Chama Days weekend is traditionally the most popular weekend in town. Held on the first weekend in August, Chama Days consists of a weekend of nightlife (several dances a night), sports (2-day rodeo, volleyball tournament, softball tournament), and family events (carnival, kids games and pet parade).

El Vado Lake and Heron Lake, both southwest of town, are scenic reservoirs with opportunities for camping, hiking, fishing, and some boating.


In February 1880, the Denver and Rio Grande Railroad began construction of the San Juan extension, a route that went from Alamosa, Colorado to Silverton, Colorado by way of Cumbres Pass, Chama, and Durango. Railroad service to Chama began in February 1881 and facilities for servicing railroad equipment, a depot, warehouses, and stockyards were set up along the route surveyed for the railroad.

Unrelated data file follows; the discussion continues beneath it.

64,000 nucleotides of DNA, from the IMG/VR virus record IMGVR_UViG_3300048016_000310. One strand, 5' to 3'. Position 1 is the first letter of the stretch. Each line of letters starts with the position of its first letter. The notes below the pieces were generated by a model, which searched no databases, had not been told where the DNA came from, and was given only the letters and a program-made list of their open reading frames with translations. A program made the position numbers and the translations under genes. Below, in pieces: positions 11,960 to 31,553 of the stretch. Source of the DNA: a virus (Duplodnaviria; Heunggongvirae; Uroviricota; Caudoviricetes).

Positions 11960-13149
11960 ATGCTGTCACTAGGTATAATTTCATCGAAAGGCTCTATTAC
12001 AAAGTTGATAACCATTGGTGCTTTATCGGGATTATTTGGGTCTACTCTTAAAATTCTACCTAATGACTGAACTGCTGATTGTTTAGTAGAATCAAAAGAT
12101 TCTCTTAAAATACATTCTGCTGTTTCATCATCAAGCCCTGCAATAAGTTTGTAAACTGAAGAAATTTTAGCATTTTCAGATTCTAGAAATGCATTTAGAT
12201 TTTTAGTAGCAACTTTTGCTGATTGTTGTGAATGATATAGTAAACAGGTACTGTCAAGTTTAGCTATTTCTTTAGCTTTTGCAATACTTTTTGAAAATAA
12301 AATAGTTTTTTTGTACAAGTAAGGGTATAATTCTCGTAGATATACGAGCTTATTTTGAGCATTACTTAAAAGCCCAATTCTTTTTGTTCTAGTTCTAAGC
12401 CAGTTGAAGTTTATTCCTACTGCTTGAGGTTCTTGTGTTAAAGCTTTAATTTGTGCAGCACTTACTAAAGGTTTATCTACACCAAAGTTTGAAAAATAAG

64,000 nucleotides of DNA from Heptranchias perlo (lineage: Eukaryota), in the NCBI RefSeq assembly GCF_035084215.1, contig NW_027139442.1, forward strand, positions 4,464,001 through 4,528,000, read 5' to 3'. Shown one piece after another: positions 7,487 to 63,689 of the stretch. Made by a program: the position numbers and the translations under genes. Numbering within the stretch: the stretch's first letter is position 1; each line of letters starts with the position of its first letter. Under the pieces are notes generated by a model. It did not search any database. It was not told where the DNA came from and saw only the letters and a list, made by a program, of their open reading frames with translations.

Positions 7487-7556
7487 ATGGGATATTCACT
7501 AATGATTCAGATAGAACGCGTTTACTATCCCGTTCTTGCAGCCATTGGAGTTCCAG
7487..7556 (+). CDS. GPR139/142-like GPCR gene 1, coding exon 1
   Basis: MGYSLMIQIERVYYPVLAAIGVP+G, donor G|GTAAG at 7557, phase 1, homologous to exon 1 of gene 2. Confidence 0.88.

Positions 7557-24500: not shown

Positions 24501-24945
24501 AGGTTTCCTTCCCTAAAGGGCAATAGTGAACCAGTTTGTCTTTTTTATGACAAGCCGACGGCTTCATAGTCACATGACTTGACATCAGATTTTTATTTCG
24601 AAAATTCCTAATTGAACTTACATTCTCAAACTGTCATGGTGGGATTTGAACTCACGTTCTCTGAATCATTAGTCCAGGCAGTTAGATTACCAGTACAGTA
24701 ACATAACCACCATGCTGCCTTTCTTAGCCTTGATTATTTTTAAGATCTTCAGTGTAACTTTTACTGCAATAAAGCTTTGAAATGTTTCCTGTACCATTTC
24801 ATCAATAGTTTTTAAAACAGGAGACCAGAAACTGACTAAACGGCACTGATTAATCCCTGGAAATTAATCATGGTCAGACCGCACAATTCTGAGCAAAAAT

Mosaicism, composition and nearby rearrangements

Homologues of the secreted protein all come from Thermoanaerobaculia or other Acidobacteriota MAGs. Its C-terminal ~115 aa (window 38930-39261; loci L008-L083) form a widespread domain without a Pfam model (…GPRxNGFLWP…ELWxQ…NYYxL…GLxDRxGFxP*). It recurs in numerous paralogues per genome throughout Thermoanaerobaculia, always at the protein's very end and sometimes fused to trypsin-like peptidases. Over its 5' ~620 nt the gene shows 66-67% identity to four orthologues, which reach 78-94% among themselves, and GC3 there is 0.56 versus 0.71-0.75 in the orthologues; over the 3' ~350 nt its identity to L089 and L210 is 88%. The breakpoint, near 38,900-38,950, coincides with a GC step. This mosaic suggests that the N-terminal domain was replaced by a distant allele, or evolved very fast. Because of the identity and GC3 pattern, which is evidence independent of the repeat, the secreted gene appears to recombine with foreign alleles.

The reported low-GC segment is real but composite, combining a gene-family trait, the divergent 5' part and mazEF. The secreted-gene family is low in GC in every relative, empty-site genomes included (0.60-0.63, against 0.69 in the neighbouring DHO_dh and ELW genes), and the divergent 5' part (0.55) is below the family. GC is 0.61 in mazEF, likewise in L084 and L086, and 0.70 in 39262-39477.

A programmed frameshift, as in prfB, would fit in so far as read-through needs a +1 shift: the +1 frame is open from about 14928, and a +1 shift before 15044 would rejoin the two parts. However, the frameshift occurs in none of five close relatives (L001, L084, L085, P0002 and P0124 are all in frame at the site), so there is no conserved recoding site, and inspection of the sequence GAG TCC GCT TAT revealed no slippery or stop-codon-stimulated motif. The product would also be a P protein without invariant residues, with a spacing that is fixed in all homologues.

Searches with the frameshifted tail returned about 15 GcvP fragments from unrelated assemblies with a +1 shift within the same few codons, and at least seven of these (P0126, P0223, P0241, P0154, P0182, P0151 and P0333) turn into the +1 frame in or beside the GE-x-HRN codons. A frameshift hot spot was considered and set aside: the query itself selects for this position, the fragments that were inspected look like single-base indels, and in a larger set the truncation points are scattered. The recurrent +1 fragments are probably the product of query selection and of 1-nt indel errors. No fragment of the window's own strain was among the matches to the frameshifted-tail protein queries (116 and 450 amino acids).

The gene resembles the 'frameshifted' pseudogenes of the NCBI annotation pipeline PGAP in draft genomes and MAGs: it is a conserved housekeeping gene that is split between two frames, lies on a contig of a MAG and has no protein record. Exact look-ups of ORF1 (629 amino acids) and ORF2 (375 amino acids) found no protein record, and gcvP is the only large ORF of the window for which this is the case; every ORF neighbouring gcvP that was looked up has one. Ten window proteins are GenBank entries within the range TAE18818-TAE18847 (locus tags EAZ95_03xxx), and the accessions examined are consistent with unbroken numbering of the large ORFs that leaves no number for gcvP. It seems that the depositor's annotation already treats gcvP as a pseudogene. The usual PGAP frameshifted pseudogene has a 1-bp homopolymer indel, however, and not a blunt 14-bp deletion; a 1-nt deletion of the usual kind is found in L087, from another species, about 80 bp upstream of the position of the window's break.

The brief period of construction from 1880-1881 was one of the most exciting episodes in the area’s history and Chama almost immediately became a boomtown. The possibilities for development attracted both industrious and disreputable characters from all around. Individuals interested in developing the coal mines in Monero rapidly appeared on the scene as did representatives of the lumber industry, laborers, engineers and contractors to build the railroad and buildings required to accommodate the mass of people attracted to the booming railroad town of Chama. The Cumbres & Toltec Scenic Railroad still operates 64 miles of the narrow-gauge system between Chama, N.M., and Antonito, Colorado. Jointly owned by the two states, it is a “living museum” of railway history.